Pre­pare for the Apoca­lypse

India Today - - COVER STORY - NISHA SU­SAN Nisha Su­san is founder-ed­i­tor of the web­site

When the po­lar ice caps melt, we will be ex­posed to long-dor­mant killer viruses and bac­te­ria, I read last year. I was think­ing of that hor­ror movie sce­nario this week as a fresh wave of #MeToo shook the me­dia and en­ter­tain­ment es­tab­lish­ment, just as #LoSHA had shaken the aca­demic world last year. Sto­ries from decades ago, sto­ries from last week. Sto­ries in the of­fice, on the field, at par­ties and in­side of­fices were all break­ing out from un­der the tun­dra of The Show Must Go On.

If you have been on Twit­ter at all this week, you would have found a mil­lion points of in­ter­est. I want to point to just two.

One. If it’s a sign of in­tel­li­gence to be­lieve in two con­tra­dic­tory things at the same time, then we are a highly in­tel­li­gent cul­ture. I tripped and fell on the foot­path this week. I looked up and a man had reached out his hand to help me up. I smiled to in­di­cate that I was okay but be­fore I could open my mouth, an­other man was push­ing the first one away with a gi­ant frown, ‘pro­tect­ing’ me from a pos­si­ble as­sault on my sen­si­bil­i­ties. This sec­ond man is a hu­man avatar of my en­tire up­bring­ing—where women are con­tin­u­ously taught that there be dan­ger from men, and mys­te­ri­ously, safety from men in other men. (Or as they say in Malay­alam, kaduva-ey pidikyan kiduva. A tig­ger to catch a tiger. Or some­thing. #AskAMalay­ali.)

But why do I say we are a highly in­tel­li­gent cul­ture? All week, as woman af­ter woman put forth ex­tremely cred­i­ble al­le­ga­tions of as­sault and ha­rass­ment, they were met of­ten with won­der­ment and doubts. This dis­be­lief would have seemed more nat­u­ral in a so­ci­ety where no­body is think­ing of rape as an ev­ery­day oc­cur­rence. Where even this week, a group of school­girls, some as young as 10, in Bi­har were beaten with sticks and iron rods by adults for re­sist­ing the sex­ual ha­rass­ment of boys. Even this week when the Catholic church in Ker­ala is try­ing to ren­der home­less a group of nuns who have sup­ported a fel­low nun, who says the for­mer bishop of Ja­land­har dio­cese raped her. So in this rape-friendly, rape-aware world that we live in, these re­sponses of shock and dis­be­lief sound very much like, ‘What’s that? Your boss at­tacked you with a strain of bubonic plague from be­low the Tun­dra? You must be ly­ing/ ex­ag­ger­at­ing/ mis­taken/ want­ing to be on tele­vi­sion.’ Re­ally?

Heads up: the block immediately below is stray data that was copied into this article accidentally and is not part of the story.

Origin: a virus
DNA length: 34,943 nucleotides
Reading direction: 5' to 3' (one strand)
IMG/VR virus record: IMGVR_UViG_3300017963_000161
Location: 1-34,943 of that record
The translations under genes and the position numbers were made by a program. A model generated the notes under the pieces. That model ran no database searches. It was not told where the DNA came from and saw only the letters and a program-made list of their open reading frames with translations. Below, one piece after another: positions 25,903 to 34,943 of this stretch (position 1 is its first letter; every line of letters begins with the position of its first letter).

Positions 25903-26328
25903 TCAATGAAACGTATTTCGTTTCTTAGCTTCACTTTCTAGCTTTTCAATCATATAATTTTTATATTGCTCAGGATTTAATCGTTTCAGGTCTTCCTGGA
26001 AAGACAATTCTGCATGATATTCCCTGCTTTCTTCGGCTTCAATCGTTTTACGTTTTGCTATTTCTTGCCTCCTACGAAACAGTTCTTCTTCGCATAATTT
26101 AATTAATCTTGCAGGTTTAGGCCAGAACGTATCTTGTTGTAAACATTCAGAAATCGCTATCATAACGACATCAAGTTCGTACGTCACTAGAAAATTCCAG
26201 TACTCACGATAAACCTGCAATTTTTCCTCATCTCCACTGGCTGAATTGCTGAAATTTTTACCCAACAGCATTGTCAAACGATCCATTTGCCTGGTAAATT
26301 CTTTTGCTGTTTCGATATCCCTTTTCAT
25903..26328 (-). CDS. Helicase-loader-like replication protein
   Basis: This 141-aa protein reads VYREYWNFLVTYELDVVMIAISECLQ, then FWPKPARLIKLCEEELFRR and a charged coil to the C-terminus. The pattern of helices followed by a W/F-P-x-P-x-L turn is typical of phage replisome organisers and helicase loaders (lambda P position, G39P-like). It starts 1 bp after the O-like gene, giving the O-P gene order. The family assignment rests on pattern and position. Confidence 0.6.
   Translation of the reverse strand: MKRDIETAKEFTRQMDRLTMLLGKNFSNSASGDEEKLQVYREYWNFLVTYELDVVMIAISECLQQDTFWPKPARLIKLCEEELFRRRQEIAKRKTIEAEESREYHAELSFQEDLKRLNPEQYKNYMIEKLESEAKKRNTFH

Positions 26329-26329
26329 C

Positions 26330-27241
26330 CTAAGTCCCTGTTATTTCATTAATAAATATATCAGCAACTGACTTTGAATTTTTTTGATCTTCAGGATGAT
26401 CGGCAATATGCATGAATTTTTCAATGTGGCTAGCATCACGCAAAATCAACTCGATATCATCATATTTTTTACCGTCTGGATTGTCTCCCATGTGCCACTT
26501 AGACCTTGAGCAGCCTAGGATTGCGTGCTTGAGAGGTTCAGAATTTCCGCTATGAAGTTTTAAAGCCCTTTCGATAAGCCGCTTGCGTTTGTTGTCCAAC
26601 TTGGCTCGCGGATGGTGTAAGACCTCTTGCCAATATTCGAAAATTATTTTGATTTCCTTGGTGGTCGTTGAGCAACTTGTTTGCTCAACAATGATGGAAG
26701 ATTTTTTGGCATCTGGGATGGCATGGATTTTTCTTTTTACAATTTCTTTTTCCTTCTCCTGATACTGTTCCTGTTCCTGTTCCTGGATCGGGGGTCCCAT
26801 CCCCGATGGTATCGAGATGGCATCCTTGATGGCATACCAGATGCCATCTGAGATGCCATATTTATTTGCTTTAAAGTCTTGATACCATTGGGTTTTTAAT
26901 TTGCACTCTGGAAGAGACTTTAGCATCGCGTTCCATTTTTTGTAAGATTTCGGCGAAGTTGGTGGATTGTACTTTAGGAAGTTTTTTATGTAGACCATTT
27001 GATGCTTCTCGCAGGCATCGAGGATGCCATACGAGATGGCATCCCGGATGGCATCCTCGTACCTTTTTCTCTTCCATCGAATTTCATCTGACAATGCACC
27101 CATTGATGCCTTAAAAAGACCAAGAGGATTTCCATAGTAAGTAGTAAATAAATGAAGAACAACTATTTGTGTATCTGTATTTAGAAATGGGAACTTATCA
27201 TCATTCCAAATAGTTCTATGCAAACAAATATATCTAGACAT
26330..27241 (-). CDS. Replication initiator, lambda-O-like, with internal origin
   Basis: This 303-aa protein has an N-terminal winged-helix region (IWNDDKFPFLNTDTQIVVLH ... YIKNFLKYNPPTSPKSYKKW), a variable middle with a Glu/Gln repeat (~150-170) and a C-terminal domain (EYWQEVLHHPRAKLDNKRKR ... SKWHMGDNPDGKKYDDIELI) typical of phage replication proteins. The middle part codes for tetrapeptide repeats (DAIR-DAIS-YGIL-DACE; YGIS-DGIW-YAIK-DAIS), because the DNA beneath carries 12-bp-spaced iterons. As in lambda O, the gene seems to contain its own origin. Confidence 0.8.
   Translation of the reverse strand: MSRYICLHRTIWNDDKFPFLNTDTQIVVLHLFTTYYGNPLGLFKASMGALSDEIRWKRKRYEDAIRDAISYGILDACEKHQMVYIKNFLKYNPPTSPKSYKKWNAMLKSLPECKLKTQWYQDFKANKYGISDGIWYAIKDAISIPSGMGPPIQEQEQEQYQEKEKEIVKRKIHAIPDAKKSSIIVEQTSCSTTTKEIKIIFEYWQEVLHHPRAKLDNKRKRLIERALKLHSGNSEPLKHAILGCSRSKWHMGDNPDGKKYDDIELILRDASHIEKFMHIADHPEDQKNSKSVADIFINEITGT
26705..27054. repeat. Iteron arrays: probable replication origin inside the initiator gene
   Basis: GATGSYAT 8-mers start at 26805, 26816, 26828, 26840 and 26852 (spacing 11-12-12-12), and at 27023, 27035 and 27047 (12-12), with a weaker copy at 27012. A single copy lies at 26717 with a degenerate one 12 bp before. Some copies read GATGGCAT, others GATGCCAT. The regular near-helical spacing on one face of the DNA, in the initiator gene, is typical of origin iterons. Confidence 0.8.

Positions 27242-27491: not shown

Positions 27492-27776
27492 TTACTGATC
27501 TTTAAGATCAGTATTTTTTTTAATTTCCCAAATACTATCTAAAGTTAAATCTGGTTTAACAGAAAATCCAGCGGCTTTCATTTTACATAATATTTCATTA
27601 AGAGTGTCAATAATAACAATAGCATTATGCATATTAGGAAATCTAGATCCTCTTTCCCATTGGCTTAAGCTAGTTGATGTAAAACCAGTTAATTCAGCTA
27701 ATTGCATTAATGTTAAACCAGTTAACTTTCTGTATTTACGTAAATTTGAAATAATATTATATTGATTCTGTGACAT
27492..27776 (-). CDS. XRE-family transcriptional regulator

And here is the sec­ond thing that in­ter­ests me. It even makes me smile. In this vast and un­savoury buf­fet of al­le­ga­tions, you can find ev­ery­thing from well-doc­u­mented in­stances of sex­ual as­sault to sex­ual ad­vances on What­sApp from men in po­si­tions of power. Now some peo­ple don’t like their chut­ney to touch their samb­har. When an

erot­ica writer com­plained with screen­shots of a con­ver­sa­tion with a big-name writer, lots of peo­ple jumped on her to say this wasn’t ha­rass­ment. What they were miss­ing is that her rage (ev­i­dent even in the texts) came from re­al­is­ing that she thought she was hav­ing a warm con­ver­sa­tion with a peer, but the male writer was try­ing at ev­ery turn to push her into sex­ting. She was ob­vi­ously not a prude, but she was clearly fu­ri­ous that he thought her lit­er­ary in­ter­ests meant that she would au­to­mat­i­cally want to ser­vice his sex­ual fan­tasies. Other women talked about boyfriends and for­mer boyfriends who have be­haved badly dur­ing and af­ter re­la­tion­ships. These women, like the erot­ica writer, have of­ten got the ‘Don’t make #MeToo im­pure. Real women file FIRs. Don’t bring your per­sonal is­sues here’ treat­ment.

I want to hug all these peo­ple and say: pre­pare for the apoca­lypse, broth­ers and sis­ters. Women (of a par­tic­u­lar class-caste back­ground) have got an op­por­tu­nity to air the con­nec­tions be­tween var­i­ous male be­hav­iour—men who rape, men who be­lit­tle their col­leagues, men who make the work of women in­vis­i­ble, men who treat their lovers and wives like prop­erty, men who write books to have ac­cess to women. Now the ice caps have bro­ken and there is no go­ing back to a place where Only Real Women Re­port Rape, and Only Rape. These other com­plaints about pa­tri­archy are not leav­ing the build­ing. They can and will de­mand a re­ceipt.

As the Trump ad­min­is­tra­tion’s En­vi­ron­ment Pro­tec­tion Agency re­cently said, a lit­tle ra­di­a­tion is good for you. The Ladies Fin­ger

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